Curry in a Hurry, Part One

Now that you can buy coconut milk for a third or half of retail cost, (please see previous post), you might consider keeping an extra supply in your pantry. A plentifully stocked larder encourages you to get in the kitchen and experiment a little. So, what can you do with all that coconut milk?

Whip up a curry using The Plenty Method! While recipes are useful for ideas and inspiration, their requirements for exact measurements and ingredients can often be quite restrictive and time consuming. The “Y” in Plenty means “Yum: the un-recipe recipe.” Break loose of cooking rules, formulas, shoulds and musts and experience new freedom in the kitchen!

So here is how to make a simple curry sauce using an “un-recipe recipe”. You can mix this sauce with lentils, roasted or sautéed vegetables, pineapple, noodles, rice, tofu, tempeh, beans, shrimp. Or, cooked chicken, beef, pork or lamb (which I purchase from a local farmer). The combinations are endless. And it is surprisingly easy to make this sauce.

To start, find a large skillet, sauce pan or Dutch oven. Dice an onion and sauté it in butter, vegetable, or coconut oil that has started to bubble. Sauté the onion for a few minutes until it’s translucent. Then add about a tablespoon of curry powder or paste and some seasoning salt (my favorite are those made by Maggi). To that, add a can of undiluted, unsweetened coconut milk and stir until it bubbles.

If you have some tamarind paste or concentrate, add slightly less than a tablespoon. In The Plenty Method, tamarind is what we call a “flavor burst”. It’s a concentrated flavoring that kicks the flavor up a notch and makes humble ingredients more interesting. If you don’t happen to have any tamarind on hand, don’t worry. But next time you are at an international food market or Asian grocery store, consider picking some up. It adds a lovely tart and tangy complexity to many dishes. Another flavor burst you might like to add is a splash of aged sherry vinegar. Just a touch adds yet another layer of lovely flavor. Add a touch of hot sauce if you like your food spicy (my go-to is Sriracha). Some people like the flavor of fish sauce. If you do, add that if you have some.

If the sauce seems too thick, add some water. If it’s too thin continue to cook it down or stir in some corn or tapioca starch diluted in a small amount of water. Then voila! There’s your curry sauce, ready to use as suggested above. Along the way, listen to your senses; they will tell you what to do. If it tastes a bit flat, add more curry powder, tamarind or salt. And if you are in a hurry, you can forgo the onion and start with the coconut milk. My favorite way to eat this sauce is over roasted cauliflower served on a bed of brown rice and topped with roasted cashews. Nourishing and delicious fast food!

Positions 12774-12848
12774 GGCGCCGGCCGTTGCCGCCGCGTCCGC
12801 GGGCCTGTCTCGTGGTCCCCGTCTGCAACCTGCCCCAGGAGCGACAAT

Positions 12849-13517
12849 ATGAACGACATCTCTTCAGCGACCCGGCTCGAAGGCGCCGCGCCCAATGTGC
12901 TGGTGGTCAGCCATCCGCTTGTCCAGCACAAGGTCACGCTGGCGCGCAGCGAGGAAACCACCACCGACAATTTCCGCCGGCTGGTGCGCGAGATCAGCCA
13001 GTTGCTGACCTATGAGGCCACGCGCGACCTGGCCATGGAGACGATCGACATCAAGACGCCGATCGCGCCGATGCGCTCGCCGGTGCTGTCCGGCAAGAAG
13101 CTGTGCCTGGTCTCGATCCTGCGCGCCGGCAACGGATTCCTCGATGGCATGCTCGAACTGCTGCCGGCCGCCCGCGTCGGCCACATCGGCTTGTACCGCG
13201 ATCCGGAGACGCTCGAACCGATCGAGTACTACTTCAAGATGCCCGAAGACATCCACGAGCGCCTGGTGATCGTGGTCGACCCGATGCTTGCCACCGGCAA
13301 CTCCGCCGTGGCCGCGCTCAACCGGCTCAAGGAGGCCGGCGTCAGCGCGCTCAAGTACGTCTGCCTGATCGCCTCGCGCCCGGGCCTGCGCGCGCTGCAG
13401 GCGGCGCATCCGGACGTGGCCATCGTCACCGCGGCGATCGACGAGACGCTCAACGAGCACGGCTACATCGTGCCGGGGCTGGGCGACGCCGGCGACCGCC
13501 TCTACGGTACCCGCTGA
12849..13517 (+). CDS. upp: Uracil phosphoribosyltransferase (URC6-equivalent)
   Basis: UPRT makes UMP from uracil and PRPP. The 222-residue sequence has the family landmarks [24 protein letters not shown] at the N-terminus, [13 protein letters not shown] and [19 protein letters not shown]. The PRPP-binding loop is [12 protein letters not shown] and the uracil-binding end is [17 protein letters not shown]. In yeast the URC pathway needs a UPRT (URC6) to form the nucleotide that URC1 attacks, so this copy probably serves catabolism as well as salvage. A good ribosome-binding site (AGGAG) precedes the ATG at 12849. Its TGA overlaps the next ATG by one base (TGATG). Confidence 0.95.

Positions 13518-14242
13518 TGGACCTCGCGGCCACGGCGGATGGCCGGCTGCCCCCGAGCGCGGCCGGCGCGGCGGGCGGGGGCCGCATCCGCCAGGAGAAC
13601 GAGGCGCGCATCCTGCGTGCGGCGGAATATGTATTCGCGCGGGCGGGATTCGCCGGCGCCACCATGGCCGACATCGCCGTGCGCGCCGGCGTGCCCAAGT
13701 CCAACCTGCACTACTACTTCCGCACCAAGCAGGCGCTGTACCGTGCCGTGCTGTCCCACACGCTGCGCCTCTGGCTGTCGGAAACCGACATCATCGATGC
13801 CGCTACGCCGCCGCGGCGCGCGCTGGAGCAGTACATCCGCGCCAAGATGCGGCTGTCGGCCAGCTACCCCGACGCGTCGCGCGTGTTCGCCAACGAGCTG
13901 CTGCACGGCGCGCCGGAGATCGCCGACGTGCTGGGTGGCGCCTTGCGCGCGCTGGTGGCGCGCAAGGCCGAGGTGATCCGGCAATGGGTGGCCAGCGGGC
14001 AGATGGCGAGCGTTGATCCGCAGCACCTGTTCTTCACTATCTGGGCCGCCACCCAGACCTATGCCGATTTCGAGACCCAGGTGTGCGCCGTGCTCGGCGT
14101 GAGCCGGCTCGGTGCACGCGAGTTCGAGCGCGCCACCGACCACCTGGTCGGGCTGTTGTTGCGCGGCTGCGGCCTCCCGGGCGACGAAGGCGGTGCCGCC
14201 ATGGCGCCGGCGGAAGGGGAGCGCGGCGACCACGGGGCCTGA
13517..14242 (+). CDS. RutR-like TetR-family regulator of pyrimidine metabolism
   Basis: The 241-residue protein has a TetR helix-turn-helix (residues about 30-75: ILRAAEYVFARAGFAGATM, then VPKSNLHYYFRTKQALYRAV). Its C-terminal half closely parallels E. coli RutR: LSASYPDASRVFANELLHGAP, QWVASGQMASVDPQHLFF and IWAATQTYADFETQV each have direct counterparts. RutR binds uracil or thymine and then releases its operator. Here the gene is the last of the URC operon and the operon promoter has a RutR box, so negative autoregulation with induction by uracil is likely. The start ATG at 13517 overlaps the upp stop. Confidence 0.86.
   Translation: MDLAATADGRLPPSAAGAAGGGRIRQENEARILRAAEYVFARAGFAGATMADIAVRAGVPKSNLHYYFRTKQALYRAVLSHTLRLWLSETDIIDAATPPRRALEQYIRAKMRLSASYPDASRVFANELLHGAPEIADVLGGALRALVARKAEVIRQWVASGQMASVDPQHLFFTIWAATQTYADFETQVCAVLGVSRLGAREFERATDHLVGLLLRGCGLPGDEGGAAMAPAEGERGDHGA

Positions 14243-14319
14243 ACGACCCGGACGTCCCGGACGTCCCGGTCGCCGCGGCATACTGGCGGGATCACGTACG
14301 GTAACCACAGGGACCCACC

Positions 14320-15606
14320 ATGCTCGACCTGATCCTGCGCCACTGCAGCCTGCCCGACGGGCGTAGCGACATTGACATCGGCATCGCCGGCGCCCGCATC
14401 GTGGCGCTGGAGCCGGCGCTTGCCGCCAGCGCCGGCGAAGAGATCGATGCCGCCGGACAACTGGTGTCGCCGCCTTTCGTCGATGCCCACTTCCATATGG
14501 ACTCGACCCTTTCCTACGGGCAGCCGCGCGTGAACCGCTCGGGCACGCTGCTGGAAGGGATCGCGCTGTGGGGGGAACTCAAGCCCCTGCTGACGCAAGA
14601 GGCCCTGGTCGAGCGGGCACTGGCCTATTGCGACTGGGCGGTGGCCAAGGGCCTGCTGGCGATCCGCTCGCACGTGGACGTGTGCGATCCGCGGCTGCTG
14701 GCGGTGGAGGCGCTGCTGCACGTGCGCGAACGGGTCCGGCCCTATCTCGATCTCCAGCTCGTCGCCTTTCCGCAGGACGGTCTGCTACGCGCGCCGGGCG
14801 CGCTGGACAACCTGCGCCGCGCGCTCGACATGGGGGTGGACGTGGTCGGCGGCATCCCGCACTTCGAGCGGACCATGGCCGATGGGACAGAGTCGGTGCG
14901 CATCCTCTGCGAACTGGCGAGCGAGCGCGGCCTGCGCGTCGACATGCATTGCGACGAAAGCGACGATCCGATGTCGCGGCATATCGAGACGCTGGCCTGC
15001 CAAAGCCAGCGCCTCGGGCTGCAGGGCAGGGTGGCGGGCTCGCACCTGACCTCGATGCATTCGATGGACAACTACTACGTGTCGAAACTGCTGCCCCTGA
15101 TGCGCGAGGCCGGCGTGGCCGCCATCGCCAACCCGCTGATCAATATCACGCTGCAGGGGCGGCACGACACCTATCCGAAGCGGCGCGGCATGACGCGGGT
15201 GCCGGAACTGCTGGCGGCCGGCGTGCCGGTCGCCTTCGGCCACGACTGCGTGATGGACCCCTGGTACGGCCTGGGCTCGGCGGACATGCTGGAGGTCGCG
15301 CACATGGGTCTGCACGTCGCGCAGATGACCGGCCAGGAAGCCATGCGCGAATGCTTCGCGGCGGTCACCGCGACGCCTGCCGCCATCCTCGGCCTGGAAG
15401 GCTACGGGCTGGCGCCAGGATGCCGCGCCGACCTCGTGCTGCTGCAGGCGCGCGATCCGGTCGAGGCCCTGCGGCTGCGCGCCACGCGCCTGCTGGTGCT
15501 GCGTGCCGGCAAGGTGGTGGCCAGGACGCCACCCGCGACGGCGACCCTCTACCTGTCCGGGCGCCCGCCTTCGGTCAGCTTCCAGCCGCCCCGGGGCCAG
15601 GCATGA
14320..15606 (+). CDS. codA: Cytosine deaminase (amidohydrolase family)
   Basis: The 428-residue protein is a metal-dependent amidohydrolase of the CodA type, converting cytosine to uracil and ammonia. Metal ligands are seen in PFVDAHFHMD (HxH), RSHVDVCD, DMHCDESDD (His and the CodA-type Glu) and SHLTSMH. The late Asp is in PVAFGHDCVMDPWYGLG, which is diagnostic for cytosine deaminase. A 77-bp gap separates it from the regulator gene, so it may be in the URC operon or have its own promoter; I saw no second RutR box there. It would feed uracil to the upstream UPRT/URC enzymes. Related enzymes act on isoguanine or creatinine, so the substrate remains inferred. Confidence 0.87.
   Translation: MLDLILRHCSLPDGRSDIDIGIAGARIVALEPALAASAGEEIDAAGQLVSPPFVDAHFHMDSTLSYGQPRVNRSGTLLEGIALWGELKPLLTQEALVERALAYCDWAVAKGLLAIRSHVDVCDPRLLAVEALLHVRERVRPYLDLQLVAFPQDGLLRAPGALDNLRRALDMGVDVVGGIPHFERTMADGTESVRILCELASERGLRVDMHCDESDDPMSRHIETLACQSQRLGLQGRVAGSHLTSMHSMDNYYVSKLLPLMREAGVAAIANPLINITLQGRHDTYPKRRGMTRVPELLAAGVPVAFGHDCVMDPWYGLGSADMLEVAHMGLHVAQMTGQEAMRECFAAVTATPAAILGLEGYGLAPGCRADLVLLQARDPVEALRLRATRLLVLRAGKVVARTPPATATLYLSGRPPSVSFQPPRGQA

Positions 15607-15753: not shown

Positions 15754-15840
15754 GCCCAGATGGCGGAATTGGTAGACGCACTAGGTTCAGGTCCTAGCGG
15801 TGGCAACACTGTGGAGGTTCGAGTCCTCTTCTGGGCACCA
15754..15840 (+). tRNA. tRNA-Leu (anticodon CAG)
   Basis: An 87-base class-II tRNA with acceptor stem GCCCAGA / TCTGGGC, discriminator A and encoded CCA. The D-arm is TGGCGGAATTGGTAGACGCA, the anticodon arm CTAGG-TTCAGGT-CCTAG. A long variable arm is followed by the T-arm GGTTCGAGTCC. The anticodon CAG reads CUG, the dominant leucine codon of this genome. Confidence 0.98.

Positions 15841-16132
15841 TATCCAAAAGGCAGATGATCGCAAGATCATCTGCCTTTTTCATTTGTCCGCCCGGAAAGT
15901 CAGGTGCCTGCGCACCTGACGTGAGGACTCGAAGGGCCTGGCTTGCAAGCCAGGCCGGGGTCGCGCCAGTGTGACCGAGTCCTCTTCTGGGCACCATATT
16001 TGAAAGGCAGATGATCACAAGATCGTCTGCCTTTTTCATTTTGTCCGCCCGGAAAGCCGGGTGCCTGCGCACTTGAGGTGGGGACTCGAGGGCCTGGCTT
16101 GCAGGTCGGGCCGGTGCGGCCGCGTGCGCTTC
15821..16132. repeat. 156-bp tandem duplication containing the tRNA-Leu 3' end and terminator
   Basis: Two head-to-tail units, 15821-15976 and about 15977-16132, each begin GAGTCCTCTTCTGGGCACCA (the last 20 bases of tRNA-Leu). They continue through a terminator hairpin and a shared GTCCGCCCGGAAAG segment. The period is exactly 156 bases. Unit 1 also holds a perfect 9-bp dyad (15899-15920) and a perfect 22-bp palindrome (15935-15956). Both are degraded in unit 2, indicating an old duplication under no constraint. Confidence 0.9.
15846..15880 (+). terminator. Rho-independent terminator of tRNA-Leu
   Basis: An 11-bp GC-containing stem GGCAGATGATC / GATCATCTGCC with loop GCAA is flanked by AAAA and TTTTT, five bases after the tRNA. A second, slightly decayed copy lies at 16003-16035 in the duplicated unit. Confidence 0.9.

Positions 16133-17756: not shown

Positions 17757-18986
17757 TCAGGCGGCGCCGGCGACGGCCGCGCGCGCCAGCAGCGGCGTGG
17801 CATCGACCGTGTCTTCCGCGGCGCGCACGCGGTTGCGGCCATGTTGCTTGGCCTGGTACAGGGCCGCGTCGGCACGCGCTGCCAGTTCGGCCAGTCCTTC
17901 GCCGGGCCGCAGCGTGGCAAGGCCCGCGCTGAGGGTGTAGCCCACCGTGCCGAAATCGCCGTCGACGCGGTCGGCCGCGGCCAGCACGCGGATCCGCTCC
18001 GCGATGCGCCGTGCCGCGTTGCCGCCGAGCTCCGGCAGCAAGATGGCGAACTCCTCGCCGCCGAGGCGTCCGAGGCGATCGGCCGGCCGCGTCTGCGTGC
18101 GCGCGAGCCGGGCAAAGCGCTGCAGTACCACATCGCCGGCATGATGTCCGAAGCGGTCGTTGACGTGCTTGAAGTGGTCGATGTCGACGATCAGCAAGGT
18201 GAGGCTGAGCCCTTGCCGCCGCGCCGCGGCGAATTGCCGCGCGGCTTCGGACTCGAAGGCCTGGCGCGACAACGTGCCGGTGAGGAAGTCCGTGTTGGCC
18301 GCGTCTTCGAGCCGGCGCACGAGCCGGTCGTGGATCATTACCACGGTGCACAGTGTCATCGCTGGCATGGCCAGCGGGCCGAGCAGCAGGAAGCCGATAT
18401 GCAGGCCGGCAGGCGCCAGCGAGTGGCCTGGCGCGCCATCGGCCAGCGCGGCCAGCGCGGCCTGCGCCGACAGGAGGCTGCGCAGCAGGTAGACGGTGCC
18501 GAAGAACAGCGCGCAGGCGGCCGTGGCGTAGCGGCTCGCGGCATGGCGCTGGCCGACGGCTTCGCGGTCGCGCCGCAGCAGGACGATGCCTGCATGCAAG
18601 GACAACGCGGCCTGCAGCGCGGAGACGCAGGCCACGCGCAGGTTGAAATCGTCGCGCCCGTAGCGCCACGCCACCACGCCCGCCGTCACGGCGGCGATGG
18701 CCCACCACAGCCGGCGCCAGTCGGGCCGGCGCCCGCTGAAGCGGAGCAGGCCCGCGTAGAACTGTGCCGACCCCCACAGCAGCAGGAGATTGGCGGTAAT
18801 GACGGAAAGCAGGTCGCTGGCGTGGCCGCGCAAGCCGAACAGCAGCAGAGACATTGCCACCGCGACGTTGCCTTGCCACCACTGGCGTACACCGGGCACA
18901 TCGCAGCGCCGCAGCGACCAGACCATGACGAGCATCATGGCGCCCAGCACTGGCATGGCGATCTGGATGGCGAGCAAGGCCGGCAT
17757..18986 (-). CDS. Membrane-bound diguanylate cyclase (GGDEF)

One of my goals is to help people learn how to whip up something easy and delicious in the time it would take to get take-out or go to a drive through. Having a plentiful supply of food on hand and a few “un-recipe recipes” makes it much easier to cook on the fly. Try it, you’ll like it!

Tamarind makes an excellent flavor burst. I love Maggi seasoning salts.

PS If you’d like to learn a little more about how to use coconut milk, check out this post by Mark Bittman. Written in 1999, it’s still relevant . . . except for the price!

A Dream Come True

Late one evening a few weeks ago, I read the letter I had written to my dear friend Lolita a couple of years earlier when she was on her deathbed. Out of left field, I broke down and cried uncontrollably for several hours. It was the kind of crying that went straight to the jugular, the intensity so great there was no doubt I was fully alive. This wasn’t the painful, bleak, black, broken-hearted kind of crying, but rather the kind that felt like a thunderous, pounding rain.

Over the next few days, I reflected on this experience. Why had I grieved her death more than I had grieved any other person’s, even those whom I had known far longer and who were much closer to me? This didn’t make any sense.

But then it dawned on me. She made my lifelong dream come true. And she gave it to me in grand style, served up on a silver platter. What greater gift can a person give to others than to help them realize their deepest dreams? The tears were the thankful kind, The Joy of More Than Plentiful kind.

The tears were also an ode to that mysterious hand that had so serendipitously delivered the gift to me. Yes, the universe was listening to me – and my dream just got happened. What was my dream? To ride safely with freedom, ease and perfect balance through the countryside with a seat so secure it felt glued to the saddle. I wanted to feel as if my horse and I had dived deep into the beauty of a Monet painting.

And beautiful the countryside was – everywhere. I rode in one fabulous painting after another. Like the day we rode just after a freezing rain. The sun was out and thousands of icicles hanging everywhere reflected shimmering, prismatic light against a cloudless, bright blue sky. The clear, cold air blowing on my face and filling my lungs felt as pure as pure could be.